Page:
During the summer months I'm stuck on the land. I don't have a boat and quite honestly, I wouldn't want one because of let's face it boats are a money pit, that's what most of the guys I know constantly say about them. To pass the time while I wait for the eventual return of steelhead. I've been dabbling in the art of fly fishing for carp.
For the past several years, I've learning how to fly fish for them. During the summer months they're really the only big game fish to be found. Many of the larger cats are gone after the spawn and the smaller ones often stay in the rivers. Plus I've grown tired battling the numerous soft shelled turtles that love to take my liver or shrimp bait.
When you look at a carp, they're fat and slow. Many of the guys I fish with hold them with low regard. They often give me that "are you fucking kidding me" look whenever I mention that I'm fly fishing for them
"Why use a fly? Just toss some corn!"
Fair enough because using bait for carp is like offering a kid a bunch of candy. They'll take it every time and beg for more. But, using a fly is a different story. Now you have to outwit a fish that is naturally wary and a lot more finicky when it comes to a fly.
When it comes to fly fishing for carp I use my old 9'6" 7W rod that used for steelhead. The majority of carp in the rivers along Steelhead Alley are often smaller than the ones found in the lake. Anything over 15 pounds is considered huge. I have an arbor reel with a drag that is beefy enough to stop them from running into cover. The leader needs to be stiff to handle flipping the larger weighted flies that I use. I pretty well use a leader that consists of 30 and 20 pound flourocarbon and the tippet is 10 pounds. As for flies I like to use wooly buggers, hex nymphs and ones that resemble a crayfish. I remember one time, I watched carp slurping up cottonwood seeds. I went home and tied a bunch of flies using white yarn and I teased the fibers out. I had to wait for a day where the wind was strong enough blow the seeds on the water. Several carp would start feeding and I wait for one them to come up to the surface. It took some practice and patience to finally get one of them to take it.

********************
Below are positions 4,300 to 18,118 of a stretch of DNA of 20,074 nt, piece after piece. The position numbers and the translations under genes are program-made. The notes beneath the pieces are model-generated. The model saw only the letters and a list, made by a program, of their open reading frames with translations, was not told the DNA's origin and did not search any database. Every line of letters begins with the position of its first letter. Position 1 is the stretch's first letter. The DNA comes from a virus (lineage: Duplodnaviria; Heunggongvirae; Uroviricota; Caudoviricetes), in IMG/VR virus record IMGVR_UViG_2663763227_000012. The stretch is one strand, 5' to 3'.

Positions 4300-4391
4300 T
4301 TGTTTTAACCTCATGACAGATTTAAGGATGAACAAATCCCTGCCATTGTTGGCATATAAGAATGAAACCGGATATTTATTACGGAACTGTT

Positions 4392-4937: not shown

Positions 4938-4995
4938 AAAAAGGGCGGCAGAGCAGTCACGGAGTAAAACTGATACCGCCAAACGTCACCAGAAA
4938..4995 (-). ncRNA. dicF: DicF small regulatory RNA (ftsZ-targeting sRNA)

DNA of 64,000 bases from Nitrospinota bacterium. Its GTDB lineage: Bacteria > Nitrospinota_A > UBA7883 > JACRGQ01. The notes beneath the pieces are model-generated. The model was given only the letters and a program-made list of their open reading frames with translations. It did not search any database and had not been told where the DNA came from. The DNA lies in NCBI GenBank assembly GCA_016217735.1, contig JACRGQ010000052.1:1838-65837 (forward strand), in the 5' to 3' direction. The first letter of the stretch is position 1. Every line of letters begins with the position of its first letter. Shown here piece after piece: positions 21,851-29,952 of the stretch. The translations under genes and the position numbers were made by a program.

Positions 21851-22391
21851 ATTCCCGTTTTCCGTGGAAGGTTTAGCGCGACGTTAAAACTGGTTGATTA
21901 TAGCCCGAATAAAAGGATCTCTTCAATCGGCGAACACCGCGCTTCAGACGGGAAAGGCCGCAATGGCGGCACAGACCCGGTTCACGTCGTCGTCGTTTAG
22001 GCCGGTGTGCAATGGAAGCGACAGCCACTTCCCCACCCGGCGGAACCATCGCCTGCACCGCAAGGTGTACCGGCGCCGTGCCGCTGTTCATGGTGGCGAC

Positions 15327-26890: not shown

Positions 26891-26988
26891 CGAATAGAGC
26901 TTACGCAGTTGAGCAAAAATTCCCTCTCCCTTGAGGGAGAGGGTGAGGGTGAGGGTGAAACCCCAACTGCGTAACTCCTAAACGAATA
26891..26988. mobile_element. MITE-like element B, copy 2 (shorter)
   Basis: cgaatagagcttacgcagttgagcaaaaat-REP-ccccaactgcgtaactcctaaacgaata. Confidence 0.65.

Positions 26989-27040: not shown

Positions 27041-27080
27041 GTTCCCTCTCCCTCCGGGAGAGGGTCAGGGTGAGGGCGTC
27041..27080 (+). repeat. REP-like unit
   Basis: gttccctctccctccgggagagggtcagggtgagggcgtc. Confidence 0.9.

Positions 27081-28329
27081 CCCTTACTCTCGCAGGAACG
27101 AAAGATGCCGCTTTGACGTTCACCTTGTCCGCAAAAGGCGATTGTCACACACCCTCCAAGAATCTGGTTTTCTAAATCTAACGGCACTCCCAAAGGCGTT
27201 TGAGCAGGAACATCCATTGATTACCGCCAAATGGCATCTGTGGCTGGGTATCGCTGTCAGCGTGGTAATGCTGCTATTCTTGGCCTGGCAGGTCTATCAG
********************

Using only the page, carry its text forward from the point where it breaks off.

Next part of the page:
When I said practice and patience, I mean it literally. Carp are easily spooked if you cast carelessly. Early on I would curse when my presentation would slap on the water and school of them would bolt. Another observation I've made over the years is I've never seen a carp chase a fly. I've seen stop and slowly swim over to investigate one. What I do is I select a feeding fish and watch how is feeding. Some carp follow a straight line and others do a crossing pattern. Once I select my target I cast away from it and strip in quickly trying to drop into the window. That window is can be really small as I try to drop it as close as possible. Once the fly drops the carp will either take it or ignore it. I've seen times where a carp will come up to my fly and the last second swim away. Other times they have their face in the bottom and I'll feel the line tug slightly and that's when I set the hook.
Since many of Steelhead Alley's streams are shallow, it's easy to see them without the aid of sunglasses. If I see a school of carp suspended off the bottom, I'll keep walking. What I'm looking for are the mud plumes of feeding fish. Because the streams often run low and clearer, I have to be slow in my movements and try not to make any noise. The other problem I often run into are trees. There's been plenty of times where I can't make a cast and I'll have to resort to roll casts or just flipping the fly out to the fish. Carp don't have the best vision so you don't to have to worry about a fish bolting usless you make some sudden movement.
There's a reason why some people call them golden bonefish, because it's very similair to fishing for bonefish. Fly fishing for carp can be fun if you're willing to put in the time and effort. Early on I had a lot of failure and there were plenty of times I went home skunked. These fish can humble the best of anglers.